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Pandemic policies, economic downturns and supply chain disruption see the global freight shipping industry charting an unknown course

By Du Wei Updated Jul.1

Cargo carriers berth at Yangshan deep water port, Shanghai, October 23, 2021

Li Lu, a 37-year-old chief mate on a merchant cargo vessel, is still hesitating about whether he will return to sea on a regular crew change. The crew must rotate regularly as required by international maritime rules for health and safety. Li was supposed to replace other crew in March. He cannot afford to stay home for too long, as his job as a seafarer is the main source of income for his family. But like his colleagues, now he is finding the job he has done for 13 years “too risky to make a living from.”  

In September 2020, Li departed from Zhoushan, Zhejiang Province as part of a crew of 22 seafarers, to the US and then Brazil, to transport grain to China. The journey kept him at sea for 11 months, the maximum under the 2006 Maritime Labor Convention which comes under the International Labor Organization. After he finally arrived back in China, he had to spend 28 days in central quarantine, first in Shanghai, his port of entry, and then Zhengzhou, his hometown. When he actually got home, he had to do another seven days of self-monitoring.  

The twists and turns he experienced in this long, arduous journey make him worry about when and how he can return home once he sets off again. Because of Covid-19 restrictions around the world, hundreds of thousands of seafarers are stuck at sea, unable to get replacements and go home. Meanwhile, others cannot go to sea to earn their living.  

What’s worse, the health risks and restrictions are deterring seafarers. More and more are in the same position as Li, unwilling to go. Some are considering quitting altogether, even though it pays well.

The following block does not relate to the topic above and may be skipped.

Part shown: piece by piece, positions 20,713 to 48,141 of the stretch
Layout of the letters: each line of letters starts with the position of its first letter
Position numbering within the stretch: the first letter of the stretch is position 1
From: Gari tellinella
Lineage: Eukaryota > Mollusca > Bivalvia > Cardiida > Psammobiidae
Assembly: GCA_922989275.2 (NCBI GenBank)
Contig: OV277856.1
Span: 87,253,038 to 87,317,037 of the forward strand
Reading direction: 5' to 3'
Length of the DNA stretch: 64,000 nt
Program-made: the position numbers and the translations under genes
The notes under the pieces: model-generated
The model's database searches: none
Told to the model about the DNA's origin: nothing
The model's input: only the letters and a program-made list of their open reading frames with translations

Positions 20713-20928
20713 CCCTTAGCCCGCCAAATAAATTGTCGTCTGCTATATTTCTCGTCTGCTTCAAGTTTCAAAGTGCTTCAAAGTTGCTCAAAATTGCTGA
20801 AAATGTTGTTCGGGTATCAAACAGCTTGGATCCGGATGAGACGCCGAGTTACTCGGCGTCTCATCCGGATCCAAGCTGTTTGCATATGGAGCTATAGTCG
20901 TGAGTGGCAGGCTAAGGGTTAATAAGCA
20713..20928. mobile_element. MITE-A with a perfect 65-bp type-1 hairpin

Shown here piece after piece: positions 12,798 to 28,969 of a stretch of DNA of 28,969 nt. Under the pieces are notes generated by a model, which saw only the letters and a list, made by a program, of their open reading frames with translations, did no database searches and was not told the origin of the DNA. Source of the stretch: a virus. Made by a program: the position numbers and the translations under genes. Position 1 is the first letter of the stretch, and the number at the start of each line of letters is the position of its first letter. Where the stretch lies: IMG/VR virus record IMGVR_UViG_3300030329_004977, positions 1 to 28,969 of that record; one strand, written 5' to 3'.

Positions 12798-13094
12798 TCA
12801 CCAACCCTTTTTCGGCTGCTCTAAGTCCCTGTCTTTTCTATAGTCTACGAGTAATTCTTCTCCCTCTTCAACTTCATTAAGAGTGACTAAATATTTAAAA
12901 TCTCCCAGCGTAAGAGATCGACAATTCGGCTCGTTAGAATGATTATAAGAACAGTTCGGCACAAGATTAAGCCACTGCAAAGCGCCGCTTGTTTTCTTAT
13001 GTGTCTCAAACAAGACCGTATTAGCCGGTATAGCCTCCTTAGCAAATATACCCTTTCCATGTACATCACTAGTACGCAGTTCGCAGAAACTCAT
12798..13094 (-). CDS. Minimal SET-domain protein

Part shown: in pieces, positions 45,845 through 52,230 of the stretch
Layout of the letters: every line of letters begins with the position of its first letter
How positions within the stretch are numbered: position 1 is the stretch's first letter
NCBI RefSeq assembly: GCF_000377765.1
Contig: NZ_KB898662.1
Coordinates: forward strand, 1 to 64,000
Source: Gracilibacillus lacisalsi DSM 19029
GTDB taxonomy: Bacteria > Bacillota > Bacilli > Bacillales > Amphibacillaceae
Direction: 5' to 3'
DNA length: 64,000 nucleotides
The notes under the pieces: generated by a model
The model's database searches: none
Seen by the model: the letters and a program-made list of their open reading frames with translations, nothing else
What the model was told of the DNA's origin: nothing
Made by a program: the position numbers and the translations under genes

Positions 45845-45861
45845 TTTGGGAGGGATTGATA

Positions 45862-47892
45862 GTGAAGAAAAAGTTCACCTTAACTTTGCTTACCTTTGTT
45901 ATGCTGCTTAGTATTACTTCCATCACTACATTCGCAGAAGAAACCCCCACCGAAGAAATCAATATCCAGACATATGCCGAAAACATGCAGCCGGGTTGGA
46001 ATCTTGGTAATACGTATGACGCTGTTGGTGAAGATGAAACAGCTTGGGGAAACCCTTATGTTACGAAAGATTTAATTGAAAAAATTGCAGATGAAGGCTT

“No one wants to replace them. And once these seafarers get rotated out and get home, they’ll hesitate like me,” Li said.  

The crew-change crisis mirrors challenges faced by the global shipping industry since the pandemic started, including the demand-supply imbalance, strained transport capacity and uncertainties in sailing schedules. The pandemic is reshaping the shipping industry and supply chains around the world, including China, with its heavy reliance on sea transport for foreign trade. 

Crew-change Crisis 
Li works for a ship management company based in Shanghai as chief mate for a dry bulk carrier. His duties include cargo safety and supervising loading and unloading.  

In late March 2021, when his vessel departed Brazil, it was already time for Li to have been rotated off, as they usually stay at sea for six months and then rest for three. But according to Covid regulations in Brazil, seafarers could not go ashore. They also could not change crew in their next ports of call, including at Singapore and ports in China, Australia and Indonesia. They finally got replacements in Mauritius in August 2021. After quarantining for 21 days there, they got plane tickets at 10 times the usual price to Shanghai in early September. He finally returned home late that month.  

Before the pandemic, the ship would dock every month on average and the crew would have shore leave. Eleven months at sea was a huge psychological challenge for the sailors.  

In April 2020, Chinese authorities required more targeted pandemic measures for crew on international freight lines. In December 2021, the State Council demanded that all places facilitate reasonable crew-changes.  

However, many places set obstacles or additional conditions to hinder crew-changes to avoid new Covid cases. Lu Yongzhi, general manager of leading Hong Kong shipping line Tai Chong Cheang’s branch in Shanghai, told NewsChina that authorities at a Chinese port demanded that an 80,000- ton vessel apply seven days in advance for a crew change, so docking was delayed. Then the crew was required to do nucleic acid tests and unloading was not allowed before the test results came out. According to Lu, most Chinese ports have similar policies. Some require the ship to berth for at least 48 hours before replacing seafarers, even though cargo handling usually takes less than 24 hours, adding another day’s delay. Other ports refuse to be the first point of entry, citing limits such as exceeding its maximum permissible draft. Fearing a single detected case could close an entire port, many refuse crew rotations too.  

On April 12, the Ministry of Transport (MoT) reiterated that ports should not suspend crew changes for international vessels due to reasons such as lack of quarantine hotels or having departed from high-risk countries, unless the ports have already announced they would not allow crew rotations.